A major achievement this year was finally getting to the end of my reading of Montaigne‘s essays, which I had begun a couple of years back, and paused several times. It has been very comforting to share the mind of someone so thoughtful, knowledgeable and humane. In a way, I see him as an inspiration when I write, and strive to pull my scattered thoughts together: someone to look up to, most certainly. Since there are so many essays and I can’t see myself ever re-reading them all, I have carefully noted which were my favourites.

My awards for 2017:

Most disappointing read: Kim Stanley Robinson‘s Red Mars. I’d had great hopes of this and the rest of the series, having put it off for quite a few years, but it was a let-down when I eventually got to it, and I can’t see I’ll be bothering with the rest of them.

No award this year for Weirdest Book. I have come across no real weirdness this year.

61f7iyJLzGL._AC_US218_A necessary distinction in the fiction category: Best New Novel is Philip Pullman‘s La Belle Sauvage, of course, and you can read my review here and see why. I’m hoping that the next book in the series will appear in 2018, since he’s actually finished writing it, and hopefully the final one not too long after that. It’s nice having something to look forward to. The distinction was to allow me to list Ursula Le Guin‘s Malafrena as a Best Novel, because it was another one I’d held off reading for a long time, and this time was well worth the wait, a brilliant, moving and carefully-crafted historical novel from a writer who I love as a writer of SF.

51hWEeFhq1L._AC_US218_Several books get mentions in the non-fiction category this year. Erika Mann‘s collection of stories When the Lights Go Out is so rooted in the reality of daily life in Germany as the Nazi grip tightened that I’d hesitate to class it as fiction, though it technically is. It’s chilling in its ordinariness, its smallness and yet the inescapability of the evil. Richard Byrd‘s Alone, a travel book, is about his several months alone in winter at an isolated weather station in Antarctica. What was so powerful and mesmerising about it was the way he accidentally gave himself severe carbon monoxide poisoning quite early on in his stay, and his incredible struggle to survive. knowing that the source of heat he depends on for survival, will also kill him.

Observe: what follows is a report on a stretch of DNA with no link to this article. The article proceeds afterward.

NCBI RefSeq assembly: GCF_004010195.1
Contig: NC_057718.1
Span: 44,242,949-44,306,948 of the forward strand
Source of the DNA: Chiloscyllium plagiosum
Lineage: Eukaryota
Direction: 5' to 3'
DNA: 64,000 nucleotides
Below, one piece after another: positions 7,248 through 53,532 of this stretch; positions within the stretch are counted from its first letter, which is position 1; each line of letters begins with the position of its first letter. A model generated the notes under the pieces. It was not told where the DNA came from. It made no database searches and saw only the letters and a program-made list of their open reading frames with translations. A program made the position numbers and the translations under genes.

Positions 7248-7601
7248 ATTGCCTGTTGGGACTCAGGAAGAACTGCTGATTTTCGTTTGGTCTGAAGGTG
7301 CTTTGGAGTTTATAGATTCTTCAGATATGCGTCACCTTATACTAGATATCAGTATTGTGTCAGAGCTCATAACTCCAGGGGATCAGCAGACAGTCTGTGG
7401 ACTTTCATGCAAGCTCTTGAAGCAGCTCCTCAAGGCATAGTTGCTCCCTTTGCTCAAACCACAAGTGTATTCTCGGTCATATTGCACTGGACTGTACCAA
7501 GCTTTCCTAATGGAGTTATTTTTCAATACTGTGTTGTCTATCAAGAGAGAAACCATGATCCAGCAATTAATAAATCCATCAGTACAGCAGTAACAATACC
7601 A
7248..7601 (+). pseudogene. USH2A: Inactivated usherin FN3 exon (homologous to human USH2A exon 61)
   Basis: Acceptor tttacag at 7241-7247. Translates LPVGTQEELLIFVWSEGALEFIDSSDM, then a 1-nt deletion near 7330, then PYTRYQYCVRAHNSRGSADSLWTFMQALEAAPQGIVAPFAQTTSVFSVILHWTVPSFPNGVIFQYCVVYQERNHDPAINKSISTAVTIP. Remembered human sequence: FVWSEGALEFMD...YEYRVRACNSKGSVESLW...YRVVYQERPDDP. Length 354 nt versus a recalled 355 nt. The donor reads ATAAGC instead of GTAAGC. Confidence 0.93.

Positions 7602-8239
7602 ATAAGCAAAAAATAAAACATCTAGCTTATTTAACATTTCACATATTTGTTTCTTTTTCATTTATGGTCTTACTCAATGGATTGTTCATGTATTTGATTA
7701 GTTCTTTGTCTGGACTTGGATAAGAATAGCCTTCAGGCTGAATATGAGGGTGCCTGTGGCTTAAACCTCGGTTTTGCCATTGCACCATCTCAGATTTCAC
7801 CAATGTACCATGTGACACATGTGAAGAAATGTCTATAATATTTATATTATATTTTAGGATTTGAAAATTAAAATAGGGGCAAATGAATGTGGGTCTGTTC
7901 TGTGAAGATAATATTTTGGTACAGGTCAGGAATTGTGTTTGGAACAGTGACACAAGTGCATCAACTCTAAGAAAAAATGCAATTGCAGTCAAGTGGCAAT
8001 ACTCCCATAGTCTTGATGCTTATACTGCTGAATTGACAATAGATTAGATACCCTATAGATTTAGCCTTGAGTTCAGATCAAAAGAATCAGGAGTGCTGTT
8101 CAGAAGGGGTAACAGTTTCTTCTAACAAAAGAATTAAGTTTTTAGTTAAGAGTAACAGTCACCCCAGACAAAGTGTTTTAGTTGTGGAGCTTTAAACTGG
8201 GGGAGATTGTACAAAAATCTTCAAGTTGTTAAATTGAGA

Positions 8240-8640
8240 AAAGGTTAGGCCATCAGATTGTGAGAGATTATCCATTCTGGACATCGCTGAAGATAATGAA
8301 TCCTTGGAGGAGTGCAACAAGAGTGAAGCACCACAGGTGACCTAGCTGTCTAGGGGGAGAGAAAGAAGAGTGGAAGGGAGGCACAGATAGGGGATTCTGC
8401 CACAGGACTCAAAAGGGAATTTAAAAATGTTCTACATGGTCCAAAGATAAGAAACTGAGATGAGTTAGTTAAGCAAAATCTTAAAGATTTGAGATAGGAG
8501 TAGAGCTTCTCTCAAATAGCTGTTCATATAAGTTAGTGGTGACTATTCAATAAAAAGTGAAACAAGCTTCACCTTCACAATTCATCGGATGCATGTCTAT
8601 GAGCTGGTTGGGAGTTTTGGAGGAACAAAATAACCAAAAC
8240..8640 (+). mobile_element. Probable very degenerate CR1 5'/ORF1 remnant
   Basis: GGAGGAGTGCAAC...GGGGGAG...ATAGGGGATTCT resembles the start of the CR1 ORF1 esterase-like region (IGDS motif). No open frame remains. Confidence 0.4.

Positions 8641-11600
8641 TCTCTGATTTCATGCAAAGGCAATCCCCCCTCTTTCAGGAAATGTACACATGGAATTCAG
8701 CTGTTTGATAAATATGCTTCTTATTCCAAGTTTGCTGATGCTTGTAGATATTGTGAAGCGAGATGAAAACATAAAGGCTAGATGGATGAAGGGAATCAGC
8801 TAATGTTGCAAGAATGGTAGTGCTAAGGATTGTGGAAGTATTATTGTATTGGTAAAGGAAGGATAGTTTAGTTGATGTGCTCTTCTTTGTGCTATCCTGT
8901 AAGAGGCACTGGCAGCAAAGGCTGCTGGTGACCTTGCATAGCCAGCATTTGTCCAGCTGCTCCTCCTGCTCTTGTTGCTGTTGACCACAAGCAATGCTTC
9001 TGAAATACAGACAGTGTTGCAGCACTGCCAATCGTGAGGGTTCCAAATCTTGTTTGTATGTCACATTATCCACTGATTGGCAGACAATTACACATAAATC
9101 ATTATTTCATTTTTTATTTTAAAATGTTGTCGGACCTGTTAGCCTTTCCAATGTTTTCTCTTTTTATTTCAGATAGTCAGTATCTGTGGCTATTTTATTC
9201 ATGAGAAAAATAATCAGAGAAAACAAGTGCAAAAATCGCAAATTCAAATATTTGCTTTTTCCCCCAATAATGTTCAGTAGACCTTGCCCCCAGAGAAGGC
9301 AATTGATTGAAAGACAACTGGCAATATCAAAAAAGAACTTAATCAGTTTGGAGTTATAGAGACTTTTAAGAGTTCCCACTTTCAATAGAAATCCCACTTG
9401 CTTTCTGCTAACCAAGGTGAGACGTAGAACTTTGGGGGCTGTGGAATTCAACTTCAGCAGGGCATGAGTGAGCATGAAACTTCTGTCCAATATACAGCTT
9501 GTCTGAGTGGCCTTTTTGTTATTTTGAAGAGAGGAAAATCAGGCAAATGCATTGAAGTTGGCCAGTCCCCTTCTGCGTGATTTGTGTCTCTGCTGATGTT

51BZSRipcpL._AC_US218_But, Book of the Year in any category goes to Svetlana Alexievich‘s stunning The Unwomanly Face of War, truly a masterpiece. It’s gruellingly difficult to read – you need a really strong stomach – and it’s a powerful antidote to any attempts at apologetics for German behaviour in the Second World War. It should be compulsory reading for anyone who thinks that war is any sort of answer to any of our problems.

Resolutions: I have a lot more history to read this coming year, and I’ve had much pleasure from returning to my old collection of SF, so I hope to continue with some of that, too. And I’ve decided that instead of buying books when I fancy, I will compile a list of books I covet each month and at the end of that month, award myself one from that list. Wish me luck! (By the way, that’s new books only…)

On an enigma: older men read less fiction

November 6, 2017

Somewhere, recently, I came across an article based on some research that suggested that older men read less fiction. I glanced at it, aware that nowadays there’s all sorts of ‘research’ into all sorts of things, and a lot of which either does not make sense, or is soon proven to be incorrect or biased… but the notion stayed with me, and got me thinking.